Inhuman Swill : Writing : Page 22

Pixelated fiction

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Electronic copies of two more new old stories have gone on sale at Fictionwise this week:

Cheap! Cheap! Cheap!

ShunnCast #13

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Epidode #13 of "ShunnCast" is now available, in which I and my trainer Elder Fowler take charge of missionary work in the lonesome prairie oil town of Brooks, Alberta, and many naughty words are uttered as a result.

http://www.shunn.net/podcast?id=13

See also [info]shunncast.

The left is for sale

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A new old story has gone online for purchase and downloading at Fictionwise this morning: "From Our Point of View We Had Moved to the Left."

This isn't just my first published story; it's probably the most political story I've written, and forgive me if I consider it also to be my most prescient. It made The New York Review of Science Fiction's recommended reading list for 1993, and the good folks there called it "a political fable about near-future America as odd as its perfectly appropriate title."

It's on sale for 15% off the already low price of 76ยข, so grab a virtual copy now!

Badly drawn boys

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I'm afraid I'm compelled to filch the link to this news brief from the redoubtable [info]asphalteden:

Science-Fiction Novel Posits Future Where Characters Are Hastily Sketched

That's our issue!


Two more older stories have gone on sale at Fictionwise.com this week, by the way: "Colin and Ishmael in the Dark" and "Divided by Time." Get 'em! They're cheap!

ShunnCast #12

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Epidode #12 of "ShunnCast" is now available, in which I fly to Canada for my first day of service as a Mormon missionary, but before departing perform amazing feats of transubstantiation upon an ordinary chewing gum wrapper.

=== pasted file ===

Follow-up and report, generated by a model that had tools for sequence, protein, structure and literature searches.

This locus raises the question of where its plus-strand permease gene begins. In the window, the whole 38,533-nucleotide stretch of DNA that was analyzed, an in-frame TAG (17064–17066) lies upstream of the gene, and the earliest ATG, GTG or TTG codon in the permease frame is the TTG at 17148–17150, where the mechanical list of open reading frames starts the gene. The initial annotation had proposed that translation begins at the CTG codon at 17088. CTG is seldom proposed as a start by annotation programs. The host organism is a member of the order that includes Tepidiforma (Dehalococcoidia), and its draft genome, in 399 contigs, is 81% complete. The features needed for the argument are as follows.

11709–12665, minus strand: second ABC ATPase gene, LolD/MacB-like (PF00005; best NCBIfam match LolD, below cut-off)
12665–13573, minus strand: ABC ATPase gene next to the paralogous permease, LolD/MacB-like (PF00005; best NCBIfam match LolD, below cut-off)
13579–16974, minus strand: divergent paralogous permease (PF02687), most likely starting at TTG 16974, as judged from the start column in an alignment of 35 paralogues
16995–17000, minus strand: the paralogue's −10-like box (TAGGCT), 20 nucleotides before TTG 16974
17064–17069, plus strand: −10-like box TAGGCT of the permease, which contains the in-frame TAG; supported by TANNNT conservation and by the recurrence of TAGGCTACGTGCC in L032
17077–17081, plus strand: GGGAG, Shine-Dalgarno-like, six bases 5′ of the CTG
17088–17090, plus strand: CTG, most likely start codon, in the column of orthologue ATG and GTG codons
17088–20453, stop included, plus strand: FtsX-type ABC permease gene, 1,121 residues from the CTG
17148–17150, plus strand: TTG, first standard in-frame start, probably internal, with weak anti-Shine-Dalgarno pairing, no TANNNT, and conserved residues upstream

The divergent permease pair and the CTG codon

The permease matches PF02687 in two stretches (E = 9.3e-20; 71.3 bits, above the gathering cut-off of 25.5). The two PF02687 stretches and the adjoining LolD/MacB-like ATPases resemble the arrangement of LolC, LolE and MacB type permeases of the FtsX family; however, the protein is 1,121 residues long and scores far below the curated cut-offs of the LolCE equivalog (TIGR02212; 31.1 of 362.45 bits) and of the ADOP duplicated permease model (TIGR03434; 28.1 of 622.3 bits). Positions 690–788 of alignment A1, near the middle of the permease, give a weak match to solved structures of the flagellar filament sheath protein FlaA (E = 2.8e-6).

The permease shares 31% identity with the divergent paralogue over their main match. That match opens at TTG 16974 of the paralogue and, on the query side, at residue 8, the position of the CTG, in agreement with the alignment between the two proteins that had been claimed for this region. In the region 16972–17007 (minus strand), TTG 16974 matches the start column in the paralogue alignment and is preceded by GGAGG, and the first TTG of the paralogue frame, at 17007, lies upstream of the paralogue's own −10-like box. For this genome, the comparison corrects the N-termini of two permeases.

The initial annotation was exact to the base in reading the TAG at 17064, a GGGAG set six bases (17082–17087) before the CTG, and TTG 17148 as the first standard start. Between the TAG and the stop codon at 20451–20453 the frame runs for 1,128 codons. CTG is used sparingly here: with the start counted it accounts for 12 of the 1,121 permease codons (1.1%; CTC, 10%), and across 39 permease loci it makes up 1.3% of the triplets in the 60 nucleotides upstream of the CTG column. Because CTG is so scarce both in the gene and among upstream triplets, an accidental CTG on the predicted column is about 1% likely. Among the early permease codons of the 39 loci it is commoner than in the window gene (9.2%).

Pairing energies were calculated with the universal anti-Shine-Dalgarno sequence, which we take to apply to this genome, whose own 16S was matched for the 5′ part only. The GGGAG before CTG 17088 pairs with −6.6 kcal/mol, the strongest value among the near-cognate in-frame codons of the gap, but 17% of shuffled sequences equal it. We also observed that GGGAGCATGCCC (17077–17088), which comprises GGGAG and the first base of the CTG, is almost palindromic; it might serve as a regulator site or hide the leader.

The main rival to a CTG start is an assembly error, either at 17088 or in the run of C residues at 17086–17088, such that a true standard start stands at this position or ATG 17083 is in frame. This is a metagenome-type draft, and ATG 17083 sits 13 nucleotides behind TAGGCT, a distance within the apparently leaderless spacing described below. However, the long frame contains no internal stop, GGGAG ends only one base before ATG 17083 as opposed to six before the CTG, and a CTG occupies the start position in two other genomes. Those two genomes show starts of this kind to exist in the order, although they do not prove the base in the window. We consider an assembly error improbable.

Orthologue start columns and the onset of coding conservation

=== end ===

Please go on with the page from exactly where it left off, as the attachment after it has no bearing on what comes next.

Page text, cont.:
http://www.shunn.net/podcast?id=12

ShunnCast #11 was accessed over 1,300 times after the BoingBoing link, producing a 30 Gb bandwidth spike. My monthly bandwidth limit is 40 Gb, so I'm very anxious to see how many of those listeners continue on as regular subscribers. File under "Getting what you ask for."

See also [info]shunncast.

ShunnCast #11

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Epidode #11 of "ShunnCast" is now available, in which I begin the audio serialization of my memoir The Accidental Terrorist, and God commands me to confess exactly which bits are embellished.

http://www.shunn.net/podcast?id=11

See also [info]shunncast.


Update:  Hey! We have a link from Boing Boing!

Here's to deadlines

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The cursor is on page 201.


By the way, I've had a couple of stories go live at Fictionwise.com this week, which means they're available now for purchase, downloading, and reading in a variety of formats on a variety of devices. Just click here:

http://www.fictionwise.com/eBooks/WilliamShunneBooks.htm

Since both stories are new to Fictionwise, they're discounted 15% off the already reasonable price of well under a dollar! And I have it on good authority that a dozen or so other stories will go live in the near to foreseeable future.

(Obviously I'm working hard on this novel.)


One of these days I will be through obsessively posting about "Inclination," but not yet, not yet. I took a little time out from noveling today (200 pages due to the workshop tonight, and I just might make it!) to visit the Borders at Park & 57th. Lo and behold! The March Locus.

Both Locus's short-fiction reviewers wrote up the April/May Asimov's, and to make a long story short, both reviewers placed "Inclination" on their recommended reading lists for the month. Paul Melko, whose fine novella "The Walls of the Universe" anchors the other end of the issue, pulled off the same feat.

To quote from the reviews themselves:

Among all the plot options available to SF writers, there's something to be said for the one that launches the protagonist, with few bothersome preliminaries, into a dizzying succession of new territories, disorientation and wonderment combining in a dance of conceptual vertigo.... There are many fine examples of this narrative tactic in the literature, and Paul Melko's novella in the April/May double issue of Asimov's, "The Walls of the Universe," is an honorable addition to their ranks.... If SF is unable often to break new ground, it can always re-interpret and enrich its staples, and "The Walls of the Universe" add ingenious maturity to its long-established subgenre.
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